Project: Solar Connected Communities
Technology: Solar PV
Location: across Scotland
CARES funding: Enablement grants and external grant support
Date installed / operational: March 2020


The Feed-in Tariff (FIT) scheme closed to new applications in March 2019. Ofgem offered community organisations a 12-month extension through a simple pre-registration process. Communities interested in small solar PV projects (50 kW or less) could pre-register buildings with Ofgem and then have 12 months to get their project up and running but still receive FIT payments at the January 2019 rate. These payments are then guaranteed for 20 years. Local Energy Scotland was keen to support communities to make the most of this opportunity as the financial return is likely to be significantly more than developing projects without this support.

Project aims and objectives

Local Energy Scotland supported 35 community groups and organisations across Scotland to apply for pre-registration for 78 buildings. 2.1MW capacity was applied for under community solar pre-registration. Local Energy Scotland also funded 32 new Energy Performance Certificates (EPCs) under Community and Renewable Energy Scheme (CARES) funding as an EPC was required to secure pre-registration.

Local Energy Scotland has continued to support the community groups who successfully pre-registered their solar projects. At the time of writing (February 2020), 20 community groups are currently developing their solar projects ahead of the March 2020 FIT deadline. Together these community solar installations make up a combined capacity of 541.83kW across 29 buildings. Project buildings include schools, leisure centres and sports clubs, community halls and centres, community trust buildings and heritage centres, Men’s Sheds and a resilience centre. All the organisations being supported are constituted community groups and are either a Community Interest Company (CIC), a Community Benefit Society or a Registered Charity, as required by Ofgem.

First year carbon savings of 108 tonnes CO2 are expected, in addition to significant energy cost savings. The lifetime of the projects is expected to be between 20 and 25 years.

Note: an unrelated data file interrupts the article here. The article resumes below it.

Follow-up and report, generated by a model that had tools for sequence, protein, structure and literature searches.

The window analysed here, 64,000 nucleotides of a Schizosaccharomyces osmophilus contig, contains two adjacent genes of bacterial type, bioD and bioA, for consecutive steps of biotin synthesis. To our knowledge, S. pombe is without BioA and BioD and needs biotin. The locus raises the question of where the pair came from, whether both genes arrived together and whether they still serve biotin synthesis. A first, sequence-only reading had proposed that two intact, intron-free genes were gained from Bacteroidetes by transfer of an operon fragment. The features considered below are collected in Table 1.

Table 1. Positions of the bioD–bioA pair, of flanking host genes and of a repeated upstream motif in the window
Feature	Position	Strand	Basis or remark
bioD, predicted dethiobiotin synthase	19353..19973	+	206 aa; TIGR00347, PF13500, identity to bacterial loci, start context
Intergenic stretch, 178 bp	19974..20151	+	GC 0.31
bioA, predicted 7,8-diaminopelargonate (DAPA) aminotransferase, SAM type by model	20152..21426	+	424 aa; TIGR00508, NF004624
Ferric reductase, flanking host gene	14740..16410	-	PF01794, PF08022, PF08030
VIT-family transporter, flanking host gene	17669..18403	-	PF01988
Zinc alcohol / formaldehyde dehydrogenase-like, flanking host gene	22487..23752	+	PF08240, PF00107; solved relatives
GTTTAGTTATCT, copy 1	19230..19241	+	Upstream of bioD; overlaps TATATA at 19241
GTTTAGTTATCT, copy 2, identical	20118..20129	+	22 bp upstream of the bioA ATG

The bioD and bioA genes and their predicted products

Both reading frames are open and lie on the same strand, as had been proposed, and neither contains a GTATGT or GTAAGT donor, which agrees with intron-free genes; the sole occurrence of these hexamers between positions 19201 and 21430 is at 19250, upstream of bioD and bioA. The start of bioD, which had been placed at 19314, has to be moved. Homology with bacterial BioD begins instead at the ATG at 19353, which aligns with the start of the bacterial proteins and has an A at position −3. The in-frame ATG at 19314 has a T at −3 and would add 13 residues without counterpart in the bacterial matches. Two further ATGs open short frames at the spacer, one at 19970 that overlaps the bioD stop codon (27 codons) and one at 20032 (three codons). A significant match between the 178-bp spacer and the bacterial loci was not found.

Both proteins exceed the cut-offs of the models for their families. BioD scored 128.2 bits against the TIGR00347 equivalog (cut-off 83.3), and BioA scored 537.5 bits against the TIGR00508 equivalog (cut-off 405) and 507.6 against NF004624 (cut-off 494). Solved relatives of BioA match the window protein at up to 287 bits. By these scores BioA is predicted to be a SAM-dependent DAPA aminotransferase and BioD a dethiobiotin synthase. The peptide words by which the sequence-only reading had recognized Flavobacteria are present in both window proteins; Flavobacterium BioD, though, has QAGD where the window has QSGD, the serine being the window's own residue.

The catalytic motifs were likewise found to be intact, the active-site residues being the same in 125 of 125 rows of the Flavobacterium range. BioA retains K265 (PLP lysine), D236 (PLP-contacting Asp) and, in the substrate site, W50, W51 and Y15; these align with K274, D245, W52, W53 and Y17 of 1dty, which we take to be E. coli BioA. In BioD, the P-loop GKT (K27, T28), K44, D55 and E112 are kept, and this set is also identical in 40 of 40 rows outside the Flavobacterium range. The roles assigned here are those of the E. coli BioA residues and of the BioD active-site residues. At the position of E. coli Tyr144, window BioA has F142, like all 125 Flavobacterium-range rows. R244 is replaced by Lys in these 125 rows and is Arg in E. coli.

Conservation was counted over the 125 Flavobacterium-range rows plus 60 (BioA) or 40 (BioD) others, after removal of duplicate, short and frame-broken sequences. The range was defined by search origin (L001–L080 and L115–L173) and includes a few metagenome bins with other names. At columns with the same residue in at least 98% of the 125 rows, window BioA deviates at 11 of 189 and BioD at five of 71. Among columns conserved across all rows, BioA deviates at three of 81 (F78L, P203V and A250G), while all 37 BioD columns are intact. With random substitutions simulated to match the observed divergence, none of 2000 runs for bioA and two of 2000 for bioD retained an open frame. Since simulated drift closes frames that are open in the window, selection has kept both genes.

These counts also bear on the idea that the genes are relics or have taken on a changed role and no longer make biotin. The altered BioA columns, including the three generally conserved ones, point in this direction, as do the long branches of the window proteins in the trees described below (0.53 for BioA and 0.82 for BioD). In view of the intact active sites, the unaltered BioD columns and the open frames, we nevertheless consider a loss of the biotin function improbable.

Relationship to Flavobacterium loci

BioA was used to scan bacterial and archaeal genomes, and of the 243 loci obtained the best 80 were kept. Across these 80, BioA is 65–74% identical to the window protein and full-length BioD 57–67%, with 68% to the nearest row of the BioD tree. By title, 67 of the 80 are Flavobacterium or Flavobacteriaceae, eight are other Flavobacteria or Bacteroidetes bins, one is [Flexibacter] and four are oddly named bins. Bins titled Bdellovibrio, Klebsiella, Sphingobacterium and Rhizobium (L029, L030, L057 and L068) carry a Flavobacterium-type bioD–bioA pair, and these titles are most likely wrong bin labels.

As well as helping to reduce carbon emissions and encouraging learning by example, profit from the FIT and the sale of electricity over the next 20 years will support groups’ future charitable activities.

The vision is that these projects will have a lasting environmental, economic and social benefit on their communities. Many of these communities have not previously been involved in any renewable energy projects and may not have progressed their solar projects if it were not for this opportunity. The projects will also support community involvement and partnership working in local energy systems which may encourage new installations of locally owned renewable energy in the future.

The projects will contribute towards the Scottish Government’s ambition to have 1GW of locally owned energy by 2020 and 2GW by 2030, as outlined in the Scottish Energy Strategy, its vision for the future of the energy system in Scotland.

buildings with solar panels

Outcomes and achievements

Local Energy Scotland’s experience of building projects is that there is often an increase in the use and occupancy rates in buildings that have installed an energy system and associated energy efficiency measures. General improvements made to the building and enhancement of facilities tend to help organisations to deliver their services more effectively and/or generate more revenue from room hire.